Appellant's double counting argument with respect to Sec. 4A1.1(e) is equally without merit. The purpose of this criminal history factor is to "implement[ ] one measure of recency." Sec. 4A1.1, Background. This implements the Commission's reasonable and rational conclusion that those who recently committed a crime should be punished more severely. This consideration is distinctly different from that under Sec. 2K2.1. This section, insofar as it considers a prior sentence, is concerned only with the fact that a court imposed a qualifying sentence. Section 4A1.1(e), on the other hand, is concerned with how recently that sentence was imposed. Application of Sec. 4A1.1(e) to appellant's criminal history score does not constitute double counting.


B. Possession for Sport or Recreation?


Appellant alleges that he should have received the benefit of the four level reduction for possession of a firearm solely for sport or recreation pursuant to U.S.S.G. Sec. 2K2.1(b)(2). As an initial matter, we note that appellant must establish by a preponderance of the evidence that he possessed the rifle for sport or recreation. United States v. Wilson, 884 F.2d 1355, 1356 (11th Cir.1989). See United States v. Rodriguez, 896 F.2d 1031, 1032-33 (6th Cir.1990) (defendant bears burden of proof for facts supporting downward adjustment; standard is preponderance of the evidence). Additionally, the district court's factual findings will be accepted on appeal unless clearly erroneous. United States v. Carrillo, 888 F.2d 117, 118 (11th Cir.1989); 18 U.S.C. Sec. 3742(e).


Application Note 1 to Sec. 2K2.1(b)(2) states that "intended lawful use" should be "determined by the surrounding circumstances." We note, as did the district court, that appellant was carrying a loaded high powered hunting rifle in August. Appellant has articulated no reason consistent with this adjustment for his carrying a loaded hunting rifle at a time of year when hunting is not in season. Appellant also admitted at the sentencing hearing that he had the weapon in his possession because he had gotten into a fight with the same individual on a prior occasion. Self-defense or self-protection is not sport or recreation. Finally, appellant refused to turn the rifle over to police when they arrived on the scene. The district court's finding that appellant did not possess the rifle solely for sport or recreation is not clearly erroneous and therefore will not be disturbed on appeal. See United States v. Smeathers, 884 F.2d 363 (8th Cir.1989) (actual use, as well as intended use, relevant to whether defendant qualifies for downward adjustment); United States v. Wilson, 878 F.2d 921, 924 (6th Cir.1989) (possession of firearm as collateral not for sport or recreation; adjustment does not cover all innocent possessions).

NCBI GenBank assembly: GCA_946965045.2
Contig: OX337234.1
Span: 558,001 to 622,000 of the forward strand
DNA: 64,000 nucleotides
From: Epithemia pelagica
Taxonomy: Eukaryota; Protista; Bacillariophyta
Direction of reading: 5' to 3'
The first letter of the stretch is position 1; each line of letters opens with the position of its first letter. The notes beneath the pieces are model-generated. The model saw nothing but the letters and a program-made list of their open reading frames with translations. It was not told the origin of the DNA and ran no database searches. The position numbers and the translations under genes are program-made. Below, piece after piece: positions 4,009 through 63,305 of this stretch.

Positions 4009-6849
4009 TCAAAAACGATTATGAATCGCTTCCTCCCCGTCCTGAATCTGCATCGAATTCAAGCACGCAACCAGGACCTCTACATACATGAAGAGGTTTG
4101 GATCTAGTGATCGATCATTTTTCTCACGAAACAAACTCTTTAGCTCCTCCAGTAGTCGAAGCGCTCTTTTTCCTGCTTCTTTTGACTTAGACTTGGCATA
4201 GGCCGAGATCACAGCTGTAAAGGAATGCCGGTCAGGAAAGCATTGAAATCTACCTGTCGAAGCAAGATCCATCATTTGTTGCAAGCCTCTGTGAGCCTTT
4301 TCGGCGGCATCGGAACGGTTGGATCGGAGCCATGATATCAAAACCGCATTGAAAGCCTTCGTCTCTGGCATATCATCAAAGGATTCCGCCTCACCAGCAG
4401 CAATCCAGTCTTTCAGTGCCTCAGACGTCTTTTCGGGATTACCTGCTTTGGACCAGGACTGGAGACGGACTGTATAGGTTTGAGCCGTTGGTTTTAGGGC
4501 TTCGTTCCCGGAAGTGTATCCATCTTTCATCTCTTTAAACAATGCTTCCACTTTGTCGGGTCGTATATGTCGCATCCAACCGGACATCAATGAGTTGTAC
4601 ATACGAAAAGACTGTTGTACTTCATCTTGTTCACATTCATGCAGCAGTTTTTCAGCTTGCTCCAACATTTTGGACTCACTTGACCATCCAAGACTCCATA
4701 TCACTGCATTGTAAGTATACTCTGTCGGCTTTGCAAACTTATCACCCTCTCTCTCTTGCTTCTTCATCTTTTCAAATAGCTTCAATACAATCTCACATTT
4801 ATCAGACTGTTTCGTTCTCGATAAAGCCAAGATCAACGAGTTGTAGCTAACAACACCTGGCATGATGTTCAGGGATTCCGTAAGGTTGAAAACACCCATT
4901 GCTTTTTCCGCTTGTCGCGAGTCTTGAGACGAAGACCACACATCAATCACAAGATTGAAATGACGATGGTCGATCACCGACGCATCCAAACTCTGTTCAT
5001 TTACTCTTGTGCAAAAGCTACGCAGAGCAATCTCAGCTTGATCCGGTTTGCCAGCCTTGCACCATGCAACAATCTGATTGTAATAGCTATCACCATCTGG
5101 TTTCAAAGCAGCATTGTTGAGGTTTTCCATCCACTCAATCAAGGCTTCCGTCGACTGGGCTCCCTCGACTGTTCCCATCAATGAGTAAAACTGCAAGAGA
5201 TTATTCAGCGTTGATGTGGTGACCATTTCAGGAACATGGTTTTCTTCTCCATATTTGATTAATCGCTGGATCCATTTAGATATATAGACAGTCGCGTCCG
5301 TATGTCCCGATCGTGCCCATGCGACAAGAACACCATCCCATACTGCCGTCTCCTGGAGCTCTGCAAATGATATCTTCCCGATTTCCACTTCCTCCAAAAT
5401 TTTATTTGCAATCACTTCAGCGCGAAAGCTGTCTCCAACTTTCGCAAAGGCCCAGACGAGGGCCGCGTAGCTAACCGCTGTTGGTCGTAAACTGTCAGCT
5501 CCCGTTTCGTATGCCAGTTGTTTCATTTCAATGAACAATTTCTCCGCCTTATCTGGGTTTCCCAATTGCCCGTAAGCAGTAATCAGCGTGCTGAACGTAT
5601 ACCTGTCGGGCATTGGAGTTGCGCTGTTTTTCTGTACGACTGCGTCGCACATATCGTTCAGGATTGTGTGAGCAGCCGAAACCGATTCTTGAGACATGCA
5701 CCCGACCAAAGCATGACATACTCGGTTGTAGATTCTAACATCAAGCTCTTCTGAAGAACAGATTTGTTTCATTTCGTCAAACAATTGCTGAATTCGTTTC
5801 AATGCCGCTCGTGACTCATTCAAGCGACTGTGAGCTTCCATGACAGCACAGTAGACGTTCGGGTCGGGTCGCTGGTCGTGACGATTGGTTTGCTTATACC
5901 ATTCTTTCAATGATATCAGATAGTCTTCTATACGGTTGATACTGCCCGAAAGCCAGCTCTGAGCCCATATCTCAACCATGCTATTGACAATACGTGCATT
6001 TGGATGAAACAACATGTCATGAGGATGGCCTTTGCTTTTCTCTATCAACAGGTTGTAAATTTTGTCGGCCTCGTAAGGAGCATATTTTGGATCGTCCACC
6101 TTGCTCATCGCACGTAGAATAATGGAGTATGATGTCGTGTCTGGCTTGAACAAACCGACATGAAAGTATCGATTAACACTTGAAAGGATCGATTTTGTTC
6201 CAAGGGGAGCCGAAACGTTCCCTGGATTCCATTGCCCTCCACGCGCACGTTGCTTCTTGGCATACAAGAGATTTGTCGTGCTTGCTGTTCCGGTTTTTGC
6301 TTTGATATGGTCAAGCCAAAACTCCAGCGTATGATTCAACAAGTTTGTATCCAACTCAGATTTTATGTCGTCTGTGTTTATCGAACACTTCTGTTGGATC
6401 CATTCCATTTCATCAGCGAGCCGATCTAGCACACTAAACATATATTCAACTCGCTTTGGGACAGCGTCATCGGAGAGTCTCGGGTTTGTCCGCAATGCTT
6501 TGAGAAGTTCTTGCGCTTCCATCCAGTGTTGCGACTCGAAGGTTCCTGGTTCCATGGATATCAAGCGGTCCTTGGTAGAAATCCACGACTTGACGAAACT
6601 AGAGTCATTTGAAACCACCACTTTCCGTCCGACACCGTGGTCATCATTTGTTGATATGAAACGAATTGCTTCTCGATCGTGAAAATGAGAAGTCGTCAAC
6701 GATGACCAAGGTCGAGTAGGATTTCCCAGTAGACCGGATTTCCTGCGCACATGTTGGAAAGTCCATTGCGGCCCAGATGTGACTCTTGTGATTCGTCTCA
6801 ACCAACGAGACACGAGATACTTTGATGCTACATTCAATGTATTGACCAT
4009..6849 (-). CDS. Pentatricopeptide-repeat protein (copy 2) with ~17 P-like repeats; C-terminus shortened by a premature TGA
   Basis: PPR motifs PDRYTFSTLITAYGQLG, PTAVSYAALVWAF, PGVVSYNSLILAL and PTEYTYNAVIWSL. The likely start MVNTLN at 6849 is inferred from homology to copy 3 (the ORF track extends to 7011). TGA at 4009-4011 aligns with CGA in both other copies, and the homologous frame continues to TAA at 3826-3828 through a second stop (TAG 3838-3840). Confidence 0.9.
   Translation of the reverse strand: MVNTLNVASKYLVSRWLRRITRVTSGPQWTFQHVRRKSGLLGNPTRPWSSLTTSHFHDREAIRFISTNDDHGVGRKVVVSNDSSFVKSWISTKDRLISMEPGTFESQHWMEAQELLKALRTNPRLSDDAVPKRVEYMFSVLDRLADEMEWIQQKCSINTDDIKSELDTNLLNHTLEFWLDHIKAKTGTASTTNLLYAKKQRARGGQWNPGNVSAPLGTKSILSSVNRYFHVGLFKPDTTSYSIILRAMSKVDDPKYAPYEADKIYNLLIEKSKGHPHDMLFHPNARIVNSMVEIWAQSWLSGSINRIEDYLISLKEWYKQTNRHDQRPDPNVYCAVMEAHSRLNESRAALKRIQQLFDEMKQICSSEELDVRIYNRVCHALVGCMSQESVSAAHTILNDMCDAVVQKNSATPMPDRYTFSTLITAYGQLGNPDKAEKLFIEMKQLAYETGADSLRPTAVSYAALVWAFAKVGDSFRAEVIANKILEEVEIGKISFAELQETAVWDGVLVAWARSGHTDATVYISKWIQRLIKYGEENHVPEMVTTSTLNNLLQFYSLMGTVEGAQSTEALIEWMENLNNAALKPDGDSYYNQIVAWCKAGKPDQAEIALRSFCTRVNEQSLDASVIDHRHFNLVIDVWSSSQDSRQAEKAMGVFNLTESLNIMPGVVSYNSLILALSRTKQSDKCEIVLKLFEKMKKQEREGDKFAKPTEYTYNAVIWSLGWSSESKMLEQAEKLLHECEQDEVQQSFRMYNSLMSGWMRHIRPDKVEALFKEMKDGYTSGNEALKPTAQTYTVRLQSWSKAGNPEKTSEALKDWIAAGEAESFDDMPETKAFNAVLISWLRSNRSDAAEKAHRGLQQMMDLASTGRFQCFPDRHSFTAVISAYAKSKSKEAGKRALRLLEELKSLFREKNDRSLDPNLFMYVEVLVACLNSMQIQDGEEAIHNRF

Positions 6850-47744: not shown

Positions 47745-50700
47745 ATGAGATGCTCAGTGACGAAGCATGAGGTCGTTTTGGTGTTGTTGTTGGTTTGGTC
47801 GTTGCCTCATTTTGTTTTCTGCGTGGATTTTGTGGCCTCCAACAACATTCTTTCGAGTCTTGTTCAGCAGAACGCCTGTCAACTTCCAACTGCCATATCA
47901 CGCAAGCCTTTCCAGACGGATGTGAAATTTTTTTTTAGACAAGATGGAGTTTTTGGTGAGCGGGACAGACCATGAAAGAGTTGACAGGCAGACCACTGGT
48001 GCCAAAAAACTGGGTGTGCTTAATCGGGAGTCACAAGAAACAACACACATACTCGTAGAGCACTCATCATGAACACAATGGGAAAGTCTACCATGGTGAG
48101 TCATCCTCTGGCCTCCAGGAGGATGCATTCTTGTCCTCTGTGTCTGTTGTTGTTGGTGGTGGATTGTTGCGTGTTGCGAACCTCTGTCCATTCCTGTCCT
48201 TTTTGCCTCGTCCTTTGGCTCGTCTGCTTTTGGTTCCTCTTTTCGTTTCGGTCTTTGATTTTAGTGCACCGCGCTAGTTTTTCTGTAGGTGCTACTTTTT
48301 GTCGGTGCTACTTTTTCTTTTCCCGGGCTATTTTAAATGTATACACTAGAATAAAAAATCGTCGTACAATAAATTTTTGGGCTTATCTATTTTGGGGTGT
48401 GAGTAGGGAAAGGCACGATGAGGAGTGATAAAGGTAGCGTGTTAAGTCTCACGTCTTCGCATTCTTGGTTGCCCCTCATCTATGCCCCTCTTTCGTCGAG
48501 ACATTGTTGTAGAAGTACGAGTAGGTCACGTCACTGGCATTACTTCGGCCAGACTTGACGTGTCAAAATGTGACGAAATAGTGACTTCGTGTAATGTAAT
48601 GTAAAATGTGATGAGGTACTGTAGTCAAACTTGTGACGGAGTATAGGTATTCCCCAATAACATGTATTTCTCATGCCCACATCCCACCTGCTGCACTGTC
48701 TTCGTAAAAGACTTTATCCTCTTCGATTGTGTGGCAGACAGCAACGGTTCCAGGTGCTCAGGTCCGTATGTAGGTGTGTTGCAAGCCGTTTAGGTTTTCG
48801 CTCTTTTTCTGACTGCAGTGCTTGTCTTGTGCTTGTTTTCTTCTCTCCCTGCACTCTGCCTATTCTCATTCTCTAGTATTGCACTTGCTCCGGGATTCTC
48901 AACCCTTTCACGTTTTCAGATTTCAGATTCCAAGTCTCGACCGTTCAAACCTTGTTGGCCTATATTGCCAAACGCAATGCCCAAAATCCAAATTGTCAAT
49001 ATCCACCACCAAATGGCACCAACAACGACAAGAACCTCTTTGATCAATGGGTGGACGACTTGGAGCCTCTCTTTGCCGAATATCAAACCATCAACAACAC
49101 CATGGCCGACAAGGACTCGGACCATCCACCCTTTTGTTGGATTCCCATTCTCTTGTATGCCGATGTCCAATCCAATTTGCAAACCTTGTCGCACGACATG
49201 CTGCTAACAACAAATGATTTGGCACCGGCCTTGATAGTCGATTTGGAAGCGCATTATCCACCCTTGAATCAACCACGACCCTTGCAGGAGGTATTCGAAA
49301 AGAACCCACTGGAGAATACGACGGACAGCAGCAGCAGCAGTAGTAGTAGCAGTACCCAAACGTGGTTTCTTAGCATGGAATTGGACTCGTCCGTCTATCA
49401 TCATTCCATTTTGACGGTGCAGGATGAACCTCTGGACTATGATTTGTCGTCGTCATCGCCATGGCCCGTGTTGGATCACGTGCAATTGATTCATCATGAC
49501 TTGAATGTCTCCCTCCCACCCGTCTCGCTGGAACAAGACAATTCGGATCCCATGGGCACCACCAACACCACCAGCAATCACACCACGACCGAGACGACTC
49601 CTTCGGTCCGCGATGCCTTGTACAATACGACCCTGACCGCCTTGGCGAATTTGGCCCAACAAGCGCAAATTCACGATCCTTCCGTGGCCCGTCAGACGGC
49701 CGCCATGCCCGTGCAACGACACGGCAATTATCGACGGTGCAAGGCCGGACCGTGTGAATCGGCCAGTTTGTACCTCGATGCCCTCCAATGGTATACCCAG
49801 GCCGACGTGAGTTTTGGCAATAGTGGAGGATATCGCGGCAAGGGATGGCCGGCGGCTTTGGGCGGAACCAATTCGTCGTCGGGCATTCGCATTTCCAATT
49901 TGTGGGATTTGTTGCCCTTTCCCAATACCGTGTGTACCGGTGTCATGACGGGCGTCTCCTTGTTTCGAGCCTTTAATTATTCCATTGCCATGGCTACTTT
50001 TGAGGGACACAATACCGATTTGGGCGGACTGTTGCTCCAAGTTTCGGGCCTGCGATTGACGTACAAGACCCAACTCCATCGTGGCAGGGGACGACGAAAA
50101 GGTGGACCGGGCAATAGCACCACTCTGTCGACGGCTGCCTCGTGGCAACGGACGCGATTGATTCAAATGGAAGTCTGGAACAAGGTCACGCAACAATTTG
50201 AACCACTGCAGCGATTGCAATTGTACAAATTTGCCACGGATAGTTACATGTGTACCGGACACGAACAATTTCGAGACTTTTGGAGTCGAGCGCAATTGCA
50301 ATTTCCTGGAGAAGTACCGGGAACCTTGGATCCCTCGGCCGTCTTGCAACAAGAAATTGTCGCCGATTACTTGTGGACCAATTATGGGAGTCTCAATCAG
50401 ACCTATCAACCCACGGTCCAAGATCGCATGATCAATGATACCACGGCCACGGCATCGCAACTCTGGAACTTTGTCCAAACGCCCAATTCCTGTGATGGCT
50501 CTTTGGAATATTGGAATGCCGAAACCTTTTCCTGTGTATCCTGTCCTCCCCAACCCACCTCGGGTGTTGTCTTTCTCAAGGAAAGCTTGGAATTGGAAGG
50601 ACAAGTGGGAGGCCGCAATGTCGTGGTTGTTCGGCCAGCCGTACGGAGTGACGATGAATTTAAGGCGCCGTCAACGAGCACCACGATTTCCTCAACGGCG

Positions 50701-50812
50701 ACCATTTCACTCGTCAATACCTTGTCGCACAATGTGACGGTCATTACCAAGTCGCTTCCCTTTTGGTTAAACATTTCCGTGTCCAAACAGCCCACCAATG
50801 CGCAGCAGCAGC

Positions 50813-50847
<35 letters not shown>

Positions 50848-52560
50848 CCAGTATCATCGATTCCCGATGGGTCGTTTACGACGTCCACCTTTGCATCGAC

This section makes it unlawful for a person "who has been convicted in any court of, a crime punishable by imprisonment for a term exceeding one year ... [to] possess in or affecting commerce, any firearm or ammunition."


Section 2K2.1 was amended effective November 1, 1989; however, since Wyckoff committed his offense prior to that date, the amendment does not apply in his case


Appellant violated 18 U.S.C. Sec. 922(g)(1)